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Debra Edwards, Ph.D.

May 2008
Debra Edwards, Ph.D., director of the EPA's Office of Pesticide Programs, responds to Jay Feldman's comments.

EPA's pesticide program is based on rigorous, often cutting-edge science. In carrying out our mandates under the Federal Insecticide, Fungicide, and Rodenticide Act (FIFRA) as amended by the Food Quality Protection Act of 1996, EPA bases its decisions to register pesticides for use in the United States on scientific data showing that the pesticides meet applicable safety standards to protect human health and the environment when used as directed on product labeling.

We have established a new "registration review" program for all pesticides on the market. Changes in science, public policy, and pesticide use practices will occur over time. Through the new registration review program, the Agency will periodically and routinely reevaluate pesticides to make sure that as change occurs, products in the marketplace still meet the statutory safety standard. The registration review program challenges EPA to continuously improve its processes, science, and information management while maintaining a collaborative and open process for decision-making.

Rigorous risk assessment is the heart of our evaluation and reevaluation programs. In the risk assessment process, we consider all potential exposure scenarios -- food, drinking water, non-occupational (e.g., residential and recreational) exposures. This involves evaluation of a comprehensive suite of data, typically hundreds of individual studies, and includes assessment of break-down products in addition to the primary pesticide chemical.

EPA has also developed a framework for conducting cumulative risk assessments where EPA evaluates the potential for people to be exposed to more than one pesticide at a time from a group of pesticides with an identified common mechanism of toxicity. Cumulative assessments consider exposures from food, drinking water, and residential sources, as well as regional exposures from residential and drinking water sources since this is the most appropriate way to account for the considerable variation in potential exposures across the country. EPA's cumulative assessments, therefore, approximate as closely as possible people's actual exposures and potential risks resulting from current uses of these pesticides in different parts of the country.

In conducting risk assessments, we may encounter situations where risks are potentially high. In these situations, we will do additional analyses to better understand what factors are most important in the risk picture and thus what possible risk mitigations could be used to most effectively reduce the risk. The major goal is to consistently and properly characterize the risk to help the risk managers make their decisions. We also recognize that there are countless permutations of chemicals that people might encounter that could make them more sensitive to an exposure to a particular chemical, and that some individuals are naturally more sensitive than others. This is why we include uncertainty factors in our risk assessments.

Regarding the issue of the "potency" of the next generation of chemicals, we require all pesticides to be tested at multiple doses to try to determine a level at which no adverse effects are observed. We modify our tests when we become aware of new technology that is more sensitive. In fact, the Agency has a large research project using specialized genetic testing techniques (known as toxicogenomics) to try to increase the sensitivity of our screening ability.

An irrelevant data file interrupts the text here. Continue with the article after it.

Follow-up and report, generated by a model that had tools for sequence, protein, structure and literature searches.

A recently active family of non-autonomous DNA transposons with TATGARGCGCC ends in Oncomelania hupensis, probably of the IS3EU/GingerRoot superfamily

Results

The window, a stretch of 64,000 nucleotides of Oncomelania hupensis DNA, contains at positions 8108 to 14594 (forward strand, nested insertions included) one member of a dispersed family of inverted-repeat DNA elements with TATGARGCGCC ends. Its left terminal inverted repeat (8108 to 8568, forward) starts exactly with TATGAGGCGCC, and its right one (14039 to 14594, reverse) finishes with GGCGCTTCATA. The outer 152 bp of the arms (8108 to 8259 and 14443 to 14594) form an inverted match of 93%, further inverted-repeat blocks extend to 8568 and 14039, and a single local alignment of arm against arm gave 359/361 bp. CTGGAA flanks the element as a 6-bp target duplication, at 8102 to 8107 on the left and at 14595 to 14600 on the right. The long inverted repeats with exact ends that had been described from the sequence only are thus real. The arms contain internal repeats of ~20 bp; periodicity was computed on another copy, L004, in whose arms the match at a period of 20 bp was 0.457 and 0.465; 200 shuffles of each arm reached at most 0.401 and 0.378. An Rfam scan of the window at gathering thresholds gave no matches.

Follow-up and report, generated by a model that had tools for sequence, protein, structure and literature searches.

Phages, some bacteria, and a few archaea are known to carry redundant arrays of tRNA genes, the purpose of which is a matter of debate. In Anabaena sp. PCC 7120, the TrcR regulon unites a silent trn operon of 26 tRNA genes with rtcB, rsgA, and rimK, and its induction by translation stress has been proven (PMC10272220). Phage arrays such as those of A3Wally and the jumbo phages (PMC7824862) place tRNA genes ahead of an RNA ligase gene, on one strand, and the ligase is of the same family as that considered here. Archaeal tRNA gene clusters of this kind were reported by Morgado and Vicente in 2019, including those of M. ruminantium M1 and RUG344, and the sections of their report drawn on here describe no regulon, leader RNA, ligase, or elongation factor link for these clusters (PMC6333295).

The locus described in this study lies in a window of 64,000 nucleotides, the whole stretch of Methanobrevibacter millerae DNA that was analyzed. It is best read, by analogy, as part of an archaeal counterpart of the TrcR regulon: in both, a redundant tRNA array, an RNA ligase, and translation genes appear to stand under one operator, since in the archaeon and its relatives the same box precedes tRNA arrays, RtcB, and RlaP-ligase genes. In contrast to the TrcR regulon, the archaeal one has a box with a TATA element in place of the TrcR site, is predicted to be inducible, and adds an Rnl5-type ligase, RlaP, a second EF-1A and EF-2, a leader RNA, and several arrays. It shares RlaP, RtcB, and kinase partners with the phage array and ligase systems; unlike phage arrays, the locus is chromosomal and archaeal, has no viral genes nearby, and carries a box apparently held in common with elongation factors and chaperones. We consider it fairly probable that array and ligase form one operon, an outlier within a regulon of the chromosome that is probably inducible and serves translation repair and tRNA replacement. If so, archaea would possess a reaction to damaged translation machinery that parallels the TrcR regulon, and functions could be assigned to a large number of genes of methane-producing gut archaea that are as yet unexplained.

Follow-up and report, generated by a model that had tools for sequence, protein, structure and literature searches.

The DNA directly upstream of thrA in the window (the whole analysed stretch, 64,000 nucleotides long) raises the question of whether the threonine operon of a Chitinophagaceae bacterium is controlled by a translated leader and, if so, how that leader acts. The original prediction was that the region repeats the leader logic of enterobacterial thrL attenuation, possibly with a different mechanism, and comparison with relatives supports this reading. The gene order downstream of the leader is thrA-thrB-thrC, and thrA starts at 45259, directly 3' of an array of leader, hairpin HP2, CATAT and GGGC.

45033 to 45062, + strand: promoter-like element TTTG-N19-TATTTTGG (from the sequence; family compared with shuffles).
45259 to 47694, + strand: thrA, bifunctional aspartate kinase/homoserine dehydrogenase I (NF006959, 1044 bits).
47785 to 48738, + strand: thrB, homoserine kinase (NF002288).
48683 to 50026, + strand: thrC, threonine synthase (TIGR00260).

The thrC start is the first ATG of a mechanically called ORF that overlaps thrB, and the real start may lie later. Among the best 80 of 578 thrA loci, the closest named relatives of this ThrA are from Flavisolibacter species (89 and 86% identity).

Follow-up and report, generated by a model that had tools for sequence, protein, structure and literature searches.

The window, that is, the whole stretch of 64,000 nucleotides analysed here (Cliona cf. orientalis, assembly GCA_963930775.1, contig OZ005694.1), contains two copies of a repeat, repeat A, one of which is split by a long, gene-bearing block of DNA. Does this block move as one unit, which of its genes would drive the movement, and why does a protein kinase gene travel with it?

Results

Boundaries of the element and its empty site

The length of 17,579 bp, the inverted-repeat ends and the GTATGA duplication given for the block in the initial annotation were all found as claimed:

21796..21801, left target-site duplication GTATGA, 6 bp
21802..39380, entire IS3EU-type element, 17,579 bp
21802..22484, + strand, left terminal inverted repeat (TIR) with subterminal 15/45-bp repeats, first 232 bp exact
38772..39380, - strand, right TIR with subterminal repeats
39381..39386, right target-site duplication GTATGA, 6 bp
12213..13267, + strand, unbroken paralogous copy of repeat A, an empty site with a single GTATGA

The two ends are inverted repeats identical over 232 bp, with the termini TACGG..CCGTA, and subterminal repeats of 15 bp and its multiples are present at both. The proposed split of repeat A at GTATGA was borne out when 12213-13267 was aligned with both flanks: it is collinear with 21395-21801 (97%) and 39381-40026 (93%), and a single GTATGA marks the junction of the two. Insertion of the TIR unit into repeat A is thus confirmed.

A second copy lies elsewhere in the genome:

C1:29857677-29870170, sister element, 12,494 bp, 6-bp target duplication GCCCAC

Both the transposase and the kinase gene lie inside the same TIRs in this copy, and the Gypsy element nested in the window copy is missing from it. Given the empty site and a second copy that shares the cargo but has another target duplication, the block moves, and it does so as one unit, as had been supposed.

Our main concern is to identify all the adverse effects that may result from exposure to a pesticide, regardless of the mechanism by which they are caused. The tests EPA has long required are designed to determine whether there are effects on organ systems, developmental and reproductive effects, which include sexual maturation, the development of cancer over the lifetime of the animal, neurobehavioral effects, etc. These studies measure the types of endpoints that would be expected to occur as a result of endocrine disruption. FQPA also required EPA to develop new methods to assess the ability of pesticides to interact with endocrine systems and thereby to cause adverse effects. While EPA already had test methods for assessing the range of adverse effects that could result from endocrine disruption, we have now developed and will begin requiring new studies to help us understand whether endocrine disruption is the mechanism causing the effects. EPA also carefully evaluates potential risks in recreational activities such as golfing. For example, we estimated the potential exposure and risks received not only by adults but also by both children aged 7-12 and teenagers in the chlorpyrifos risk assessment. The assessment of the use of chlorpyrifos on golf courses shows that this use met our rigorous safety standard.

One of the hallmarks of our program is the transparency and openness in which we operate. In fact, the public participation process we follow for pesticide risk assessment and risk management proposals is considered a model for open government. The six-stage process was actually developed through a very public collaboration of our many and diverse stakeholders who were members of a joint EPA-USDA Federal advisory committee -- the Tolerance Reassessment Advisory Committee.

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